Sandal said that only Tuesday traffic was down slightly from the year previous, but all other days were up from 3.8 percent on Wednesday to 11.3 percent on Friday, Aug. 4, the first official day of the rally [staff, “2017 Rally Quiet, Cool, Calm,” Rapid City Journal, 2017.08.14].
Most Senators have gotten around to condemning contemporary Nazis, but hey, there’s plenty of criticism to be dished out on both sides, and by not publicizing more condemnations of Senators by Nazis, the press is treating those Nazis absolutely unfairly.
West Nile cases are down 59% so far this year. Also down are rabies, tularemia, giardiasis, and (just barely) salmonella, all of which Rally-goers could conceivably get while out camping, and pertussis, which doesn’t strike me as a camping-related affliction. Alas, syphilis is up 82%, E. coli infection by 64%, and HIV by 35%. Gonorrhea is up 17% and chlamydia by 9% from already high rates. Hepatitis C is holding steady with 320 cases so far this year.
Related: Rabid animals across South Dakota so far this year: six skunks, two bats, two cows, one goat, one cat, and one raccoon. No dogs! SD-DOH also provides the cutest map of pathology I’ve ever seen showing rabid creatures by county in 2016:
Three cats, just one dog… but all those bats! Yikes!
In a real grassroots organization, participants share their ideas, define their own agenda, and compose their own messages. AFP is coming to Aberdeen to stuff the gullible with pizza (and Pizza Ranch chicken and mashed potatoes, I hope!) and prefab, focus-grouped talking points from Koch corporate HQ that will keep them from realizing that they are advocating for billionaires instead of themselves.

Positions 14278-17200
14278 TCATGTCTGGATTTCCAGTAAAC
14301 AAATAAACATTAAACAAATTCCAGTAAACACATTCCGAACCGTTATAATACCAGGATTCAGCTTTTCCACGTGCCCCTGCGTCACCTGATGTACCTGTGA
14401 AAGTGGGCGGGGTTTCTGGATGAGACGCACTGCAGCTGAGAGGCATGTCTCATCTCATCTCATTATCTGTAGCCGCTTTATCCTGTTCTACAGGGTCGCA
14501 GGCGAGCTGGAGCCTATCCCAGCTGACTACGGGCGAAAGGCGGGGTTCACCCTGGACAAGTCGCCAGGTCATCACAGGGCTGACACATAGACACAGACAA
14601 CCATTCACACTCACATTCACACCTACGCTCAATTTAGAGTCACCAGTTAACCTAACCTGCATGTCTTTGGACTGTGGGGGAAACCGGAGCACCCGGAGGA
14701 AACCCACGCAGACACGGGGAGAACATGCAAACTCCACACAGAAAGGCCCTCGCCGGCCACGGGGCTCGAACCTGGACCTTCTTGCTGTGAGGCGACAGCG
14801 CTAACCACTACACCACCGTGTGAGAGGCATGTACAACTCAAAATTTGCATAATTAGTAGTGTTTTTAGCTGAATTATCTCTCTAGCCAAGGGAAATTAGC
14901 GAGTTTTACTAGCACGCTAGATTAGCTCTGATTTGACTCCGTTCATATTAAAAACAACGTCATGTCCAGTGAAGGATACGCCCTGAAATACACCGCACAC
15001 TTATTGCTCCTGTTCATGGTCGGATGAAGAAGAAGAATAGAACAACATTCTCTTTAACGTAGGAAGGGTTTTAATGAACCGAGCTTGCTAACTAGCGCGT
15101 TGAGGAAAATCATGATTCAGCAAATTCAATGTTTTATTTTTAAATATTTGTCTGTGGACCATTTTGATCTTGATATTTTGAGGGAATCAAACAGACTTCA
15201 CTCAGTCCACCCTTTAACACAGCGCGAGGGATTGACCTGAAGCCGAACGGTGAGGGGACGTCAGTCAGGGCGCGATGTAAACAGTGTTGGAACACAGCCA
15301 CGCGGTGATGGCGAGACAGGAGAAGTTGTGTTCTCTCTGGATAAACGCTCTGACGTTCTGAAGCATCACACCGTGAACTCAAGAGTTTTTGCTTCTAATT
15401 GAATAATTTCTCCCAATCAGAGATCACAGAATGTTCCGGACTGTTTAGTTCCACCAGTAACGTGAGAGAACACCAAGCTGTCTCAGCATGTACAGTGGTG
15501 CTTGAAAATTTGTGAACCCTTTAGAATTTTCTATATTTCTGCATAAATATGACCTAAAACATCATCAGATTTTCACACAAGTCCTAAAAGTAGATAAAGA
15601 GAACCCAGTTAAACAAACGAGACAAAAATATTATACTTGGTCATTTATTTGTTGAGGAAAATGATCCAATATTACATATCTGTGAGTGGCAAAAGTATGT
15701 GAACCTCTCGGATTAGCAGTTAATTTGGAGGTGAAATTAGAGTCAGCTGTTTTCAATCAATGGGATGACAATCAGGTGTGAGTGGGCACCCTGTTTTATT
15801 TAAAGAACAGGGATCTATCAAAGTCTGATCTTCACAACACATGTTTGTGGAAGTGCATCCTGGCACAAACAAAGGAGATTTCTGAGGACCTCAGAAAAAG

Ballard told the television station that his business –– billed as the “world’s largest biker bar” – “is not a racist establishment.”
“I can’t turn around and walk away from $150,000,” Ballard said of his contract with Nugent, adding that in retrospect he wouldn’t have booked Nugent. “I mean that’s the nuts and bolts of it. Now that we’re made aware of it, we’ll listen to it next time” [Bill Morlin, “South Dakota Saloon Regrets Hosting Racist Rocker Ted Nugent,” Southern Poverty Law Center: Hatewatch, 2014.08.07].
Alas, Nugent’s incivility fits well with much of the other Rally activity. An eager reader found a Rally vendor setting up the following display of misogynist, treasonous Trumpism, all for sale at South Dakota’s biggest tourist event (I apologize for the vileness, but we have to document the white male rage that Trumpism is really about):
The Republican nominee emblazoned in front of the Confederate traitor flag, male reproductive organs used as symbols of strength, female genitalia used to deride, plus a gratuitous slap at transgender identity—that’s the kind of speech that Trumpist Ted Nugent thinks deserves the Medal of Freedom… and that’s just the kind of speech and ethos that the Full Throttle Saloon, the Sturgis Rally, and our conservative state in general embrace this time of year as the basis of their tourism business model.
The South Dakota Department of Transportation has posted its traffic counts for vehicles entering Sturgis during the 75th Annual Sturgis Motorcycle Rally which occupied the Black Hills last week. The numbers beat last year by 30%, but they did not set a record:
At 510,749, this year’s rally traffic was the highest in ten years. However, it did not exceed the historical record of 604,441 set during the 60th Rally in 2000, nor the 528,676 vehicle entries counted in 1990 during the 50th Rally.
So how do these traffic numbers translate into headcount? One would think that the vehicle count must include a lot of multi-passenger vehicles (including all those biker couples sharing a ride), so the multiplication factor is surely much larger than 1.0. But when I look at past rally stats posted on the official Sturgis website, I find from 2000 on, headcount exceeds the SDDOT traffic count by a lowly ratio of only 1.038. If that average ratio holds for this year, a traffic count of 510,749 would translate to a headcount of 530,000, less than the headcount Sturgis.com lists for the 60th Rally.